ABSTRACT: One of the major obstacles in drug discovery is the lack of in vitro three-dimensional (3D) models that can capture more complex features of a disease.Here we established a in vitro physiological model of the metabolic syndrome (MS) using cell-assembly technique (CAT), which can assemble cells into designated places to form complex 3D structures. Adipose-derived stromal (ADS) cells were assembled with gelatin/alginate/fibrinogen. Fibrin was employed as an effective material to regulate ADS cell differentiation and self-organization along with other methods. ADS cells differentiated into adipocytes and endothelial cells, meanwhile, the cells were induced to self-organize into an analogous tissue structure. Pancreatic islets were then deposited at designated locations and constituted the adipoinsular axis with adipocytes. Analysis of the factors involved in energy metabolism showed that this system could capture more pathological features of MS. Drugs known to have effects on MS showed accordant effects in this system, indicating that the model has potential in MS drug discovery. Overall, this study demonstrated that cell differentiation and self-organization can be regulated by techniques combined with CAT. The model presented could result in a better understanding of the pathogenesis of MS and the development of new technologies for drug discovery.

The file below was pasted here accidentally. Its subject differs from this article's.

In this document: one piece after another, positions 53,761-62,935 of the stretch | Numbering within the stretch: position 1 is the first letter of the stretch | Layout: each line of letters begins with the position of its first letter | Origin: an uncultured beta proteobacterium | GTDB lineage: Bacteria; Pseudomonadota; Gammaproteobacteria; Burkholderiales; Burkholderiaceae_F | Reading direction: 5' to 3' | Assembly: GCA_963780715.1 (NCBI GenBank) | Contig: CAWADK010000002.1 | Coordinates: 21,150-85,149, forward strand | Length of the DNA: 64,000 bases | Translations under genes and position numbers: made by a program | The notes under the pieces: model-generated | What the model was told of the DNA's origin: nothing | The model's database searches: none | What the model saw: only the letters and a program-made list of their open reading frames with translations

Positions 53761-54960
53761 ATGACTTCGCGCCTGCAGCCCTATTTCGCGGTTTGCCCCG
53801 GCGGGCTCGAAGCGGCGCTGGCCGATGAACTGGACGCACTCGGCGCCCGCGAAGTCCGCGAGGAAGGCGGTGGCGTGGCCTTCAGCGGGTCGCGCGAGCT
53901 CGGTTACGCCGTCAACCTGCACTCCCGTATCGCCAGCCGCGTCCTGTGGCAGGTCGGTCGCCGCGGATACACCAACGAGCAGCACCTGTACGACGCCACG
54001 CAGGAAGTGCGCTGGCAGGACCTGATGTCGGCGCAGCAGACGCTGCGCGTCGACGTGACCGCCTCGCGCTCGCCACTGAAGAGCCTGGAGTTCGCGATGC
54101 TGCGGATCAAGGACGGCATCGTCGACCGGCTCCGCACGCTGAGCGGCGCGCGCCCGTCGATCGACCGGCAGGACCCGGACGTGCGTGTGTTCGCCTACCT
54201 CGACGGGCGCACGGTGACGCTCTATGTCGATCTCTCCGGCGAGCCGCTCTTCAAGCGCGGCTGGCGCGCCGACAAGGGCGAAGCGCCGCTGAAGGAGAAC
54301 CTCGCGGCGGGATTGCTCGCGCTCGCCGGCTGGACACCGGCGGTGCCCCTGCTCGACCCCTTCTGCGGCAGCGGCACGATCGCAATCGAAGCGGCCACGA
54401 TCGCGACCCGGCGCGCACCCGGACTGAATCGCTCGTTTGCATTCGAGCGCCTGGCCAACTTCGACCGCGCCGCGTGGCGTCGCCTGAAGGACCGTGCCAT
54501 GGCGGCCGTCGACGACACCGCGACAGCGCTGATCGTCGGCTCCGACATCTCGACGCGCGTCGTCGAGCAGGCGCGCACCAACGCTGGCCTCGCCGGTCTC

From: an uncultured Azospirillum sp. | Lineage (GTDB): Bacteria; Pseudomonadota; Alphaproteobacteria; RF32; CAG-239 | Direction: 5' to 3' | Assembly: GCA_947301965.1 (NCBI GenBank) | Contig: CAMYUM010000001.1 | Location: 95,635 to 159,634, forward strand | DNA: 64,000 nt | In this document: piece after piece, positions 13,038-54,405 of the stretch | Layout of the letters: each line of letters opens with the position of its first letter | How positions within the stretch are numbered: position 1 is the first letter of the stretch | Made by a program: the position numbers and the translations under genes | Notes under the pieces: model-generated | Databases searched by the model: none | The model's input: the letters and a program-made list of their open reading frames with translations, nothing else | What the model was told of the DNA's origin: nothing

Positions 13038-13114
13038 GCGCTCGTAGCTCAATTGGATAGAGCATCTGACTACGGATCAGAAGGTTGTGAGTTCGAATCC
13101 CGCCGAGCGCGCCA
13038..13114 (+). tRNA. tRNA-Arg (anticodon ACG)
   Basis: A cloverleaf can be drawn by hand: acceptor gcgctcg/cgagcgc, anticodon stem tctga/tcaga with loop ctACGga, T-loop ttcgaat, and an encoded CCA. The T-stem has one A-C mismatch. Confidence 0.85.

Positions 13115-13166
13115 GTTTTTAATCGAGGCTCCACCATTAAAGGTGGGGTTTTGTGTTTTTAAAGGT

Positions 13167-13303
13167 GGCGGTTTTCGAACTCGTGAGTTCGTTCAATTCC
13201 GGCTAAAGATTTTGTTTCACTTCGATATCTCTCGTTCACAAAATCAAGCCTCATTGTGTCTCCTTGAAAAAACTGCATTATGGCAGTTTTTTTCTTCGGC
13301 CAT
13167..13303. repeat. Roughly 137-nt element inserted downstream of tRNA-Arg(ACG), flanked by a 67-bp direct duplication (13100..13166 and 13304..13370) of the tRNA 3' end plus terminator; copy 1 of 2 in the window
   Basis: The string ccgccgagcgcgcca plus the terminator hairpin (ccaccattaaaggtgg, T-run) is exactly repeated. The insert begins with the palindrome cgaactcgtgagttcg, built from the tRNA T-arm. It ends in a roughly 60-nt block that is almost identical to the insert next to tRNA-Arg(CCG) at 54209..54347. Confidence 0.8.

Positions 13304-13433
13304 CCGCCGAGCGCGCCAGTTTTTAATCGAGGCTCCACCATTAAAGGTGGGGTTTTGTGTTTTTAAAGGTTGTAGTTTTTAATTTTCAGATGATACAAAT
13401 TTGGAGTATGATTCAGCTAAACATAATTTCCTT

Biomaterials 02/2010; 31(14):3868-77. · 7.40 Impact Factor